naomi-salmon-bio-photo-borderI’m Naomi, a teacher, writer, and researcher. I’m also a  teaching assistant University of Wisconsin-Madison, where I work as the Open Educational Resources Teaching Assistant for L&S Learning Support Services. In this position, I help members of the UW-Madison community create, adapt, and share teaching materials with other instructors and students. As a Gullickson Fellow for the College of Letters and Science, I work with a team to provide resources and support for TA teaching teams working with large lecture courses.

As a Ph.D. candidate in Department of English, I have spent five years teaching  intermediate literary studies discussion sections and composition courses and working at the UW-Madison Writing Center. I love getting the chance to work with students who are composing academic writing projects other forms of media, including comics and creative nonfiction. My writing instruction work allows me to do things like learn about film studies by helping a first-year student with a survey paper or explore parasitology by helping a postdoctoral student prepare an article for publication.

I am also working on a born-digital dissertation project titled, The Borrowers: Claiming Textual Authority in the Victorian Literary Sphere. My research explores nineteenth-century literature, material culture, and media studies. My current chapter explores the ways in which Charles Dickens’s superfans in the 1870s can help us to think about current-day social media and publication disputes on the Internet.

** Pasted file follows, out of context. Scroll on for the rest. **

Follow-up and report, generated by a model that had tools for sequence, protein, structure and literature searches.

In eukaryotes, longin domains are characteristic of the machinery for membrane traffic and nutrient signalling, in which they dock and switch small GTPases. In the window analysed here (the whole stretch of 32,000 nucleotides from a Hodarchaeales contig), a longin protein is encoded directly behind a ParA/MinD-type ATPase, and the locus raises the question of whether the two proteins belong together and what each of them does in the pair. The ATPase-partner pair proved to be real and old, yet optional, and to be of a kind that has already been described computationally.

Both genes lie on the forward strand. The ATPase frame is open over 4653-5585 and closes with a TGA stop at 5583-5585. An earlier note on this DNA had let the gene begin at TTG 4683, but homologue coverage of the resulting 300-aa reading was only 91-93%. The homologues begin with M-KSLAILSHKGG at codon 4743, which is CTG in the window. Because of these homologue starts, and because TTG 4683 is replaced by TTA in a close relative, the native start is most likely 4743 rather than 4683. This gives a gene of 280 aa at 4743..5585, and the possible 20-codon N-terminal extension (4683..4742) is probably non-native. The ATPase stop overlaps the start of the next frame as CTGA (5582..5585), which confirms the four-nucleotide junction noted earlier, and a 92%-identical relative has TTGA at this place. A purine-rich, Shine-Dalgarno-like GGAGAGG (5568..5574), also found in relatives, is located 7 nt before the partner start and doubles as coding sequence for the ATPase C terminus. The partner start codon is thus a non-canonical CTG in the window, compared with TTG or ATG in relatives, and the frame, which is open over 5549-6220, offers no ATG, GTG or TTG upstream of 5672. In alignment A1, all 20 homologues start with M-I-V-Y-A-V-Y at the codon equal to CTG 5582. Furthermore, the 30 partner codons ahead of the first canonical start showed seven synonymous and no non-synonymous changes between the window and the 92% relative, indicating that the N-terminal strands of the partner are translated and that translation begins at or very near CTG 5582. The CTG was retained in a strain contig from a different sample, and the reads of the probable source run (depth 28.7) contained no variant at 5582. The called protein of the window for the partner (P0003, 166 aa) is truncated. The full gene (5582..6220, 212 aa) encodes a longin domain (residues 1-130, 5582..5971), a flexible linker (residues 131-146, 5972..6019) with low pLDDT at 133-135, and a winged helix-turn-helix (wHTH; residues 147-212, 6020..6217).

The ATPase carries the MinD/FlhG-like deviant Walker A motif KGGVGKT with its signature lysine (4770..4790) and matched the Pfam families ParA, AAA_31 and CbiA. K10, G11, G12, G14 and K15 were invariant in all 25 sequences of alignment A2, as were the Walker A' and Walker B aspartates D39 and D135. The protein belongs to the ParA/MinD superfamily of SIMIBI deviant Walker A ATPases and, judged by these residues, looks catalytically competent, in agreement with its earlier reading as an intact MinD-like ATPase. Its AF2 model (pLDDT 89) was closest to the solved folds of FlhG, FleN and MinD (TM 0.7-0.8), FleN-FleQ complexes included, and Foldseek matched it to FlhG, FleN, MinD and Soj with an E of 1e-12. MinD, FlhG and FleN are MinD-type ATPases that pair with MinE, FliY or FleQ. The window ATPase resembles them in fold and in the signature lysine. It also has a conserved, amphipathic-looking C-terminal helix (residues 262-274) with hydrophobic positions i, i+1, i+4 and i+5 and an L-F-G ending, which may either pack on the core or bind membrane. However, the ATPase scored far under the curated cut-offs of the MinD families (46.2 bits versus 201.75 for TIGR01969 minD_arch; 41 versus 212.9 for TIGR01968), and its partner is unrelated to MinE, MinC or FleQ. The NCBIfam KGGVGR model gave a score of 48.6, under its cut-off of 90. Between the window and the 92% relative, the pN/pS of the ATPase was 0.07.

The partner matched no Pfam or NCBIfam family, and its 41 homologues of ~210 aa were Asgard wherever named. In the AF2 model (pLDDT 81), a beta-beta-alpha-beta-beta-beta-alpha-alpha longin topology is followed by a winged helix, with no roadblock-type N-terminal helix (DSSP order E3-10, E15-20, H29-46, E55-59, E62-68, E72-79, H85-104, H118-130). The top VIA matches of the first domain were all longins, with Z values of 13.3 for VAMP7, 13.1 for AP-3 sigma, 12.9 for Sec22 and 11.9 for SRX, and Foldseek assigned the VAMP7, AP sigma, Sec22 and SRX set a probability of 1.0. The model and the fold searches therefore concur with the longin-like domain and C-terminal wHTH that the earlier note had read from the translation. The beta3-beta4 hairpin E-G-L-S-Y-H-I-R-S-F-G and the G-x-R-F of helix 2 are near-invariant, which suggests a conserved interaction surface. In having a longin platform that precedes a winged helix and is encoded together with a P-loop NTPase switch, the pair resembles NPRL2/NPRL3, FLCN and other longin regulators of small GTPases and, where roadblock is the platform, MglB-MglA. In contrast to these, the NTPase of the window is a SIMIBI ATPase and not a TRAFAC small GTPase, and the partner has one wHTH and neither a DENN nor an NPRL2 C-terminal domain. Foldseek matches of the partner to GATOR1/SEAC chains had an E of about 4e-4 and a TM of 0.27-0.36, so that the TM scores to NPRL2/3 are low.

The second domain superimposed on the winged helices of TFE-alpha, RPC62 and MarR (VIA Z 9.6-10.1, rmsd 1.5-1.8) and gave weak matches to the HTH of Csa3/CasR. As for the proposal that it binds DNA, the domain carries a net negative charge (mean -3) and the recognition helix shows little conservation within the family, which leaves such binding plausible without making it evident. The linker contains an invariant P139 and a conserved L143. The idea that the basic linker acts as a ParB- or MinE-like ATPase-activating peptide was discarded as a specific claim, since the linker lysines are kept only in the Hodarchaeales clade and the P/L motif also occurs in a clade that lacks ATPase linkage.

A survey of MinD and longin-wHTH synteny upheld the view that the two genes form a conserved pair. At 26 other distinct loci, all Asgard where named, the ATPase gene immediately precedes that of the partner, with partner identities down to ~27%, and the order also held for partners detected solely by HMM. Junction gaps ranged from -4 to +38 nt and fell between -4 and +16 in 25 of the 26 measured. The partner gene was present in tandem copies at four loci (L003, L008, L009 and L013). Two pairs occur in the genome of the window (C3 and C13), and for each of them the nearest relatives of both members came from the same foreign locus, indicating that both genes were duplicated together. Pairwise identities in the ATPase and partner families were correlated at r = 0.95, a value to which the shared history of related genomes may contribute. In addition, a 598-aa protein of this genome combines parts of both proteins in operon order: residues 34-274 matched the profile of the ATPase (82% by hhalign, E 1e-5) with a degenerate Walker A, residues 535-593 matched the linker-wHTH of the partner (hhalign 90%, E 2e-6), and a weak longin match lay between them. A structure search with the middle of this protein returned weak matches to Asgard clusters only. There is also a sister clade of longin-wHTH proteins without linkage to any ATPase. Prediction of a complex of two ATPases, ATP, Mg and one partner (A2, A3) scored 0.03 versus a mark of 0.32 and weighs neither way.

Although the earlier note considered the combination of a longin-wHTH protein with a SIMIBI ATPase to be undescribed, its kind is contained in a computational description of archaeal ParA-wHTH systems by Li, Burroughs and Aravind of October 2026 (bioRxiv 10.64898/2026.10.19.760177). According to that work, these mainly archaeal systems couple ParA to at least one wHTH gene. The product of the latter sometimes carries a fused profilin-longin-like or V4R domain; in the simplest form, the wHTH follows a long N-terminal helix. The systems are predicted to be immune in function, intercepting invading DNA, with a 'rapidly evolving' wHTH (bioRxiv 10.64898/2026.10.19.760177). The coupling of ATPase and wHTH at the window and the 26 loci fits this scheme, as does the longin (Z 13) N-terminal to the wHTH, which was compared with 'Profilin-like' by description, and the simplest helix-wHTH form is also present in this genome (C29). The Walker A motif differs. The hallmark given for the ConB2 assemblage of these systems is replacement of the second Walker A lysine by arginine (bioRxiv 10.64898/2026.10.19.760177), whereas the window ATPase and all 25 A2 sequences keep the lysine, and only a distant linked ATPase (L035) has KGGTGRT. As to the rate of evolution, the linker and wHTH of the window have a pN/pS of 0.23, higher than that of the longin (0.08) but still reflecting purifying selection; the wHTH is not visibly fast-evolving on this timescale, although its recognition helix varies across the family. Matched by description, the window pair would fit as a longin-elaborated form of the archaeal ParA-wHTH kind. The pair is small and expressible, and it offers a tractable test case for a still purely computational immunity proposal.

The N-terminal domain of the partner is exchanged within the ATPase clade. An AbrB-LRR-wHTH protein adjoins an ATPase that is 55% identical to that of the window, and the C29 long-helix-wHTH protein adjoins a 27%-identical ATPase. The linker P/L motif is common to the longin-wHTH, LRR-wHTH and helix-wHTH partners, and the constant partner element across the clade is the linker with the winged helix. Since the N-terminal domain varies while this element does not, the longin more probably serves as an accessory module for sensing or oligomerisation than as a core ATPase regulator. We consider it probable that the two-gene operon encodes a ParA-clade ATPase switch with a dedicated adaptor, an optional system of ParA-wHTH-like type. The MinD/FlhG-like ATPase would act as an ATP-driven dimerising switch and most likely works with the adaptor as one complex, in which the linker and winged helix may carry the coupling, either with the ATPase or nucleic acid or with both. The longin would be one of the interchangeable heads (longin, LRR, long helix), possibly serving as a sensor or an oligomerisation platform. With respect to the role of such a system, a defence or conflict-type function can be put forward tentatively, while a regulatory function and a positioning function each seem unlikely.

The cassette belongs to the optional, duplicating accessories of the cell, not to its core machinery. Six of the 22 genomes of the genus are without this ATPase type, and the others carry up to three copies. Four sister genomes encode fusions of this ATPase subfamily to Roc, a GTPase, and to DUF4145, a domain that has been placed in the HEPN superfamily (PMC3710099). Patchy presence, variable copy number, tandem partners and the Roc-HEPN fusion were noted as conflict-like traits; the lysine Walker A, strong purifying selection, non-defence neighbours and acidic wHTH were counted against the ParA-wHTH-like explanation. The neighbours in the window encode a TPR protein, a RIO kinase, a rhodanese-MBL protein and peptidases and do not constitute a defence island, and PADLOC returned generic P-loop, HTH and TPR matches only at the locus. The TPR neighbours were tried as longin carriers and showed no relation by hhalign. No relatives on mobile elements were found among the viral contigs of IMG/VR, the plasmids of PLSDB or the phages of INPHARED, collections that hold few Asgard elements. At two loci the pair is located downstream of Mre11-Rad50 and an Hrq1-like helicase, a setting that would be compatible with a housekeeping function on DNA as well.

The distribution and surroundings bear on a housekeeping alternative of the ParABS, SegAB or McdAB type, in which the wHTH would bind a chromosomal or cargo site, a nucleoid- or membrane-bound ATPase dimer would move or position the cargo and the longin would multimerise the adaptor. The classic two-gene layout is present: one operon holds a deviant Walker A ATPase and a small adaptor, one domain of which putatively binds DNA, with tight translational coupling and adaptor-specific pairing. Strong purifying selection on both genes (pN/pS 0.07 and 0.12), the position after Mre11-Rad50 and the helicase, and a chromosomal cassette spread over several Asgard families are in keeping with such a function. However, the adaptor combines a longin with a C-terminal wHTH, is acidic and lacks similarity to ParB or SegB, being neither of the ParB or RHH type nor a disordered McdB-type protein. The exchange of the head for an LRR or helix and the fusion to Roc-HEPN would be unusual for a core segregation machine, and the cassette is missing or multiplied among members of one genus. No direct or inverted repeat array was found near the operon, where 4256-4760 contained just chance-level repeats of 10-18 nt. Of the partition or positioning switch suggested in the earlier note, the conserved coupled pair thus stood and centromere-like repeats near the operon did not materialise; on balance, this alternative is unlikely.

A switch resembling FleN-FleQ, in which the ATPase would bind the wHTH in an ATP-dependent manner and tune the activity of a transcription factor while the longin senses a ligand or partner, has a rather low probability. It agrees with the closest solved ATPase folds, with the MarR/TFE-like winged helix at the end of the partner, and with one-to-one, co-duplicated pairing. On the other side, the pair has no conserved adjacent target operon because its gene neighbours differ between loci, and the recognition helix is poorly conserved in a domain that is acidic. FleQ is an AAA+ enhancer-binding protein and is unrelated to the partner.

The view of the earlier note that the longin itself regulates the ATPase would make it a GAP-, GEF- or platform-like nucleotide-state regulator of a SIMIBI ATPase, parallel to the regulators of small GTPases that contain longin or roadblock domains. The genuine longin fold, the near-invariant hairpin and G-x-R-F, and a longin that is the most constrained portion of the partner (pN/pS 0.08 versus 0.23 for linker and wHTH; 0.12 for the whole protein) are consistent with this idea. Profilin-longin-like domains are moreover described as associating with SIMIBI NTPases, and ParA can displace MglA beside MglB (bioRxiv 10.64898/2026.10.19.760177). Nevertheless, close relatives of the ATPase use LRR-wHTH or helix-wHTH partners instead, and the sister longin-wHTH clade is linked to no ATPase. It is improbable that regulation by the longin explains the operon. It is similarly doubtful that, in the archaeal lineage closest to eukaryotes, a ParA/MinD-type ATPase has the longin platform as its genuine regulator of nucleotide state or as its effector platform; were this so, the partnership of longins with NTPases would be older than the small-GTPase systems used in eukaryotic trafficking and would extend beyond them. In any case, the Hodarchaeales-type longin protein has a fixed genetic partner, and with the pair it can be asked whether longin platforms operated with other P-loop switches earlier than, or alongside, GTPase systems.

Site Resources

Teaching is a collaborative effort. The resources on this page that are listed under my own name fall under a Creative Commons Non-Commercial Share Alike license, which means that other instructors are welcome to use and adapt my handouts and assignments for their own work as long as they provide attribution and license the adapted material according to the same Creative Commons principles that permit my own work’s distribution. (That is, as long as they make the resource freely available for others to adapt under the same non-commercial, attributive license.)

This said, many of the handouts on this page have been developed in coordination with other instructors. If a resource appears on my site that gives credit to another instructor, it means that this instructor has granted me permission to reuse, modify, and expand upon their words and ideas in my course. If you are interested in using an assignment or handout of this type, please contact me so that I can provide you with information about the elements of the assignment that are my own (and thus freely shared) and with contact information for the resource’s original or co-creator so that they may have a fair say in the use and distribution of their work.